What advice would you give people just starting or thinking about running for the legislature?

You're definitely not going to be an expert in everything, but for those things you really want to work on I would say study up and know as much about it as possible going into your legislative career. It will help reduce the feeling of drinking from a fire hose, plus it will help establish your bona fides in those areas quickly. There are plenty of resources at the Capitol to draw upon to understand those issues better once you are elected, but there's nothing better than having a really solid background.

What did you learn about how to get things done?

Human nature is to keep things the way they are, so change can happen but not overnight. Big changes require a long-term view and patience, and even then getting 75% of what you want is a victory. I think the most successful legislators stand for their principles but also don’t deal in absolutes. The other thing is that most actions at the legislature have some kind of reaction. You have to consider what the opponents of your change will try to do to either stop it, mitigate it or overturn it. Completely winning a contentious issue may make you feel great in the short term, but it also could ultimately lead to blowback that could reverse that victory.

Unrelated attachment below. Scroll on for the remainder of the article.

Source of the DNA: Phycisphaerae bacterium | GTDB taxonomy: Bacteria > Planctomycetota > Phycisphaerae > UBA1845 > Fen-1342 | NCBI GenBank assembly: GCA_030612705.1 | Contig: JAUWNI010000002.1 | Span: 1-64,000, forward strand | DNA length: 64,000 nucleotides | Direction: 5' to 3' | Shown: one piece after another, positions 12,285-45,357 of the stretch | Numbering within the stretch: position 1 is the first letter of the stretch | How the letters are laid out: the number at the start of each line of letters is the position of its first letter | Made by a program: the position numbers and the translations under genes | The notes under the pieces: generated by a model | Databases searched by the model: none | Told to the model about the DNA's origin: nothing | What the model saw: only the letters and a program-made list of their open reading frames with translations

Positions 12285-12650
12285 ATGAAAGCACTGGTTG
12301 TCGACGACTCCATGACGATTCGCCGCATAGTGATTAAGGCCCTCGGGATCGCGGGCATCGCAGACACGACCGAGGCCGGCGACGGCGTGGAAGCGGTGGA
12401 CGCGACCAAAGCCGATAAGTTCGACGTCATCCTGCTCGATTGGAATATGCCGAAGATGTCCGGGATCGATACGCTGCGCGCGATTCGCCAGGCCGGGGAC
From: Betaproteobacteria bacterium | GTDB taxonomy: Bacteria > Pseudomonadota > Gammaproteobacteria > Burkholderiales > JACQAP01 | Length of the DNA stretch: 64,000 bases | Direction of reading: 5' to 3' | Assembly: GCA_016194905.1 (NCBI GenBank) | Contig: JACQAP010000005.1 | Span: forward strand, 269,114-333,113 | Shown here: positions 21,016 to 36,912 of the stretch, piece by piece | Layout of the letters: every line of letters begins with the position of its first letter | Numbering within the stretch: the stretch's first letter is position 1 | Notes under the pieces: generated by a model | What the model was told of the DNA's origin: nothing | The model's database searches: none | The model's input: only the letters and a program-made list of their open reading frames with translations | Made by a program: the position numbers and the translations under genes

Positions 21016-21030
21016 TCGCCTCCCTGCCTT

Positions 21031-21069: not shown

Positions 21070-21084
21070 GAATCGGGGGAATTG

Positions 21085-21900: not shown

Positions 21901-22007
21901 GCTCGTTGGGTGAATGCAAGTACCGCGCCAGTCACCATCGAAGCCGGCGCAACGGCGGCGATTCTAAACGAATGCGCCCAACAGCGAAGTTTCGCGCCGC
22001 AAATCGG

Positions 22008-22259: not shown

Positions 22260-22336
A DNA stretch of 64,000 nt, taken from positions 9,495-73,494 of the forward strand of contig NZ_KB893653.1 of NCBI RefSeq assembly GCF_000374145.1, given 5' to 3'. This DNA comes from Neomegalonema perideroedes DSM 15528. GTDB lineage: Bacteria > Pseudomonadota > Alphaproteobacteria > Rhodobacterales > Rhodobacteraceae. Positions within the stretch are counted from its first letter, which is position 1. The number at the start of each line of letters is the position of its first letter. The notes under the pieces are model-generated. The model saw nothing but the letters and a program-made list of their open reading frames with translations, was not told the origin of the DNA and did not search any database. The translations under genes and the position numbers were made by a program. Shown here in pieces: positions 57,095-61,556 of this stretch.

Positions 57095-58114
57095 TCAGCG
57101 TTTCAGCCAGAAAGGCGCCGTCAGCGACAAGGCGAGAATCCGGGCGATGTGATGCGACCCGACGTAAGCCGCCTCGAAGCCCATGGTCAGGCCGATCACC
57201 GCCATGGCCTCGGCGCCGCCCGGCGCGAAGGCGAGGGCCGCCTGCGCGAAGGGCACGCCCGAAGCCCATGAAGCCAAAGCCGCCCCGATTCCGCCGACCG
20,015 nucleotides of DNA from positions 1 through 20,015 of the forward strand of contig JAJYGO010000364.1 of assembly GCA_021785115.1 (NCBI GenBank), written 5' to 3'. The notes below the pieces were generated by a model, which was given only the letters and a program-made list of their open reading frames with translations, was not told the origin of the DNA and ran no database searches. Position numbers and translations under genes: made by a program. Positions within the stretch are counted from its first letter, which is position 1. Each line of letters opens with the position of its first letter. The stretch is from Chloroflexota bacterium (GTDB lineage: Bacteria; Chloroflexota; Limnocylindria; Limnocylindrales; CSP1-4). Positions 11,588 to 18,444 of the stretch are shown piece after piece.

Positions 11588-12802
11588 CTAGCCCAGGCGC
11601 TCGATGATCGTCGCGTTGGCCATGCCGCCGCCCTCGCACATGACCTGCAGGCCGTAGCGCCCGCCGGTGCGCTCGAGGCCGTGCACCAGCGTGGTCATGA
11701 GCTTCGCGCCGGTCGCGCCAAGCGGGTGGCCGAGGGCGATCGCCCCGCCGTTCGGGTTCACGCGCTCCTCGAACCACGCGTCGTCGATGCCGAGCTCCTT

What's next?

I'm focused on my law practice right now. I'm helping nonprofits, community groups and environmental groups among others, focusing on energy, election law, land use and other state and local government matters. I've been very happy with the clients I have so far. It's a good way to continue to do good things, just in the private sector.